In some cases, misapplying technology results in significant overspending. Having skilled, properly trained personnel in place who follow defined practices and can carefully, effectively and efficiently apply technology can help minimize overspending.

Although no “silver bullet” exists for control systems, most can adequately be secured once the risks are understood. Establishing effective safeguards for control systems, the devices with which they interact and the networks on which they reside requires a multi-faceted, multi-level effort. That effort needs to focus not only on technology, but on people as well.

The human factor is the weakest link in any activity and security is no exception. Therefore, a key element in implementing and maintaining computer system security is establishing effective IT security policies and procedures. While many of the same policies used for securing corporate IT systems can be applied to control systems, policies and procedures should also:

  • Ensure control system security practices align with business and operational needs.
  • Define, document and manage formal policy and standards for process control system security.
  • Establish training and awareness programs for control systems, IT and third-party personnel.
  • Implement and enforce password policies for all personnel having control system access. These policies should be based on the principle of “least privilege.” Every application, user or subsystem should be restricted to the minimum number of rights necessary to fulfill its purpose.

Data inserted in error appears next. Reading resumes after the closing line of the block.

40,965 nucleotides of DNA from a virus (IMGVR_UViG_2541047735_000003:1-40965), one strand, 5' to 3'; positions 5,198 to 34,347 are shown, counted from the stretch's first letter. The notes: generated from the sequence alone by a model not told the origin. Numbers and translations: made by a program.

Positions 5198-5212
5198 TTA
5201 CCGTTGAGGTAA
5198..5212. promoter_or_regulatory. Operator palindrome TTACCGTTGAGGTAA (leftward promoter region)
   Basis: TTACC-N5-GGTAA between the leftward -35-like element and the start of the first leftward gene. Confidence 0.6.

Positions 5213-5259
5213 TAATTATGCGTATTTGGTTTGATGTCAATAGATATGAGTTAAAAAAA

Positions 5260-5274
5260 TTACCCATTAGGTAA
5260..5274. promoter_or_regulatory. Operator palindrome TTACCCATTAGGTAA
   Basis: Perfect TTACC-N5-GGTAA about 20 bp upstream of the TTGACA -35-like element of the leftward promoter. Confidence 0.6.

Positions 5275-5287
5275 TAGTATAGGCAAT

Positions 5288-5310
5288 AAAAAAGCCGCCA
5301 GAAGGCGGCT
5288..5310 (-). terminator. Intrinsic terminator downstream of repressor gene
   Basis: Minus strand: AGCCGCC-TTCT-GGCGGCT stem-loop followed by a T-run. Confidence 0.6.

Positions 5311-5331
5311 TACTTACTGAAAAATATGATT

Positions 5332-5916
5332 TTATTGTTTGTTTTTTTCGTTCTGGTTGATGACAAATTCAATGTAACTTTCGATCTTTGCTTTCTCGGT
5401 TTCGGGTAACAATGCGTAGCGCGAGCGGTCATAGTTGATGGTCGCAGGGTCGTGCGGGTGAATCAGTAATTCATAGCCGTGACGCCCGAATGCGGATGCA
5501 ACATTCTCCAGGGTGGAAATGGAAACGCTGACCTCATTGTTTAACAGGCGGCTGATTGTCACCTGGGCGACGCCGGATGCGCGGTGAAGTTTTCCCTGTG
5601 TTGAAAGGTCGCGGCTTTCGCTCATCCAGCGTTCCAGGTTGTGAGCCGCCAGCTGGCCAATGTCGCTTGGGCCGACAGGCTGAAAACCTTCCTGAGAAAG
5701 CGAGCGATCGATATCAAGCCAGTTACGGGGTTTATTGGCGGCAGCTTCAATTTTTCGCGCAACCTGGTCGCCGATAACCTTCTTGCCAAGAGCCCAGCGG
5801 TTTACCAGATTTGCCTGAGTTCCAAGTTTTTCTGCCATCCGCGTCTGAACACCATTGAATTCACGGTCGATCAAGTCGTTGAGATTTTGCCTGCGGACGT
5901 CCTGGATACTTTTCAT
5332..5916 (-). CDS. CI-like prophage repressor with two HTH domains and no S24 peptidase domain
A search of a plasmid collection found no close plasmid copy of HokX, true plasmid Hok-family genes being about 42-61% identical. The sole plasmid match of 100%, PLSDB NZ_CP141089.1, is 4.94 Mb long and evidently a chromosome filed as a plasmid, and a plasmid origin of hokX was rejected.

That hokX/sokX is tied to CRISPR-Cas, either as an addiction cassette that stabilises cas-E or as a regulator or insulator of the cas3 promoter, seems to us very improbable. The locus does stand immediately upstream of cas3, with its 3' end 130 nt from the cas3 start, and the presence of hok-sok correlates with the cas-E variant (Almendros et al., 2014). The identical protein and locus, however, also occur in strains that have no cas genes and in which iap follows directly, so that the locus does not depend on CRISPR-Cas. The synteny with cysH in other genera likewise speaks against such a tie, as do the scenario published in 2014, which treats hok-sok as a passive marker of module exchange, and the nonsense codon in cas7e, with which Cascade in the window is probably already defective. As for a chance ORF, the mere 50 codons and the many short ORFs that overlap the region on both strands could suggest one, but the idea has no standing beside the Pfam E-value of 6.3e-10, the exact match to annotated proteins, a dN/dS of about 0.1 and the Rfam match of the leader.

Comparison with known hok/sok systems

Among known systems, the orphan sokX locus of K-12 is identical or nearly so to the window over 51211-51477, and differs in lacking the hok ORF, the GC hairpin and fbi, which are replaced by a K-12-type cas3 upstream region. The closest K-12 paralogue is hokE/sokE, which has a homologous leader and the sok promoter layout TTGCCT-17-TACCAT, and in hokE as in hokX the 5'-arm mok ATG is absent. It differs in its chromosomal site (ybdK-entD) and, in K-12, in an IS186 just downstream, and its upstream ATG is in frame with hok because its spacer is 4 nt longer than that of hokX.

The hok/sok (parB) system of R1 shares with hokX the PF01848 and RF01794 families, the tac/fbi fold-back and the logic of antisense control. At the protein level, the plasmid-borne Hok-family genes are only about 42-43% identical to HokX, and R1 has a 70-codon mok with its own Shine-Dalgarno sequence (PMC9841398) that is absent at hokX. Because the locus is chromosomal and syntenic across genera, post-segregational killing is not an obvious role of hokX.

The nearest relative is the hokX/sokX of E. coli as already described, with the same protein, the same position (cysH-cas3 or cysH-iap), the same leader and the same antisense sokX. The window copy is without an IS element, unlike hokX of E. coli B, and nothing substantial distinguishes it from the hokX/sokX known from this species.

• Include procedures for assessing and responding to security incidents and alerts, including how to respond to potential disasters.
  • Include plans for regular audits of control system network security.

To make the security policy effective, it must be practical and enforceable and it must be possible to comply with the policy. The policy must not significantly affect productivity, be cost prohibitive or lack support. This is best accomplished by providing clear organizational responsibility and by including both management and system administrator personnel in the policy development process.

A fundamental principle that should be part of any network protection strategy is defense-in-depth, also known as the “onion approach”. This uses a security zone concept to secure both the network interior and exterior. The highest value target (typically the control system) sits in the innermost zone where the greatest level of isolation and security measures are applied. (See Figure 1, page 44).

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The outer zones contain less valuable targets and are protected by security mechanisms such as firewalls, gateways, and proxies–preferably different types for each zone–designed to detect and delay an attacker’s movement inside and around each zone. These devices should be configured to pass only data that is absolutely essential for day-to-day operations.

Best Practices

Over the past decade, numerous best practices have been developed by IT departments, control system personnel and industry organizations when deploying technical security measures or implementing procedural controls. When implemented as part of a defense-in-depth strategy, these best practices can provide a solid foundation for an effective security program. Best practices for securing the network boundary and outer network zones include: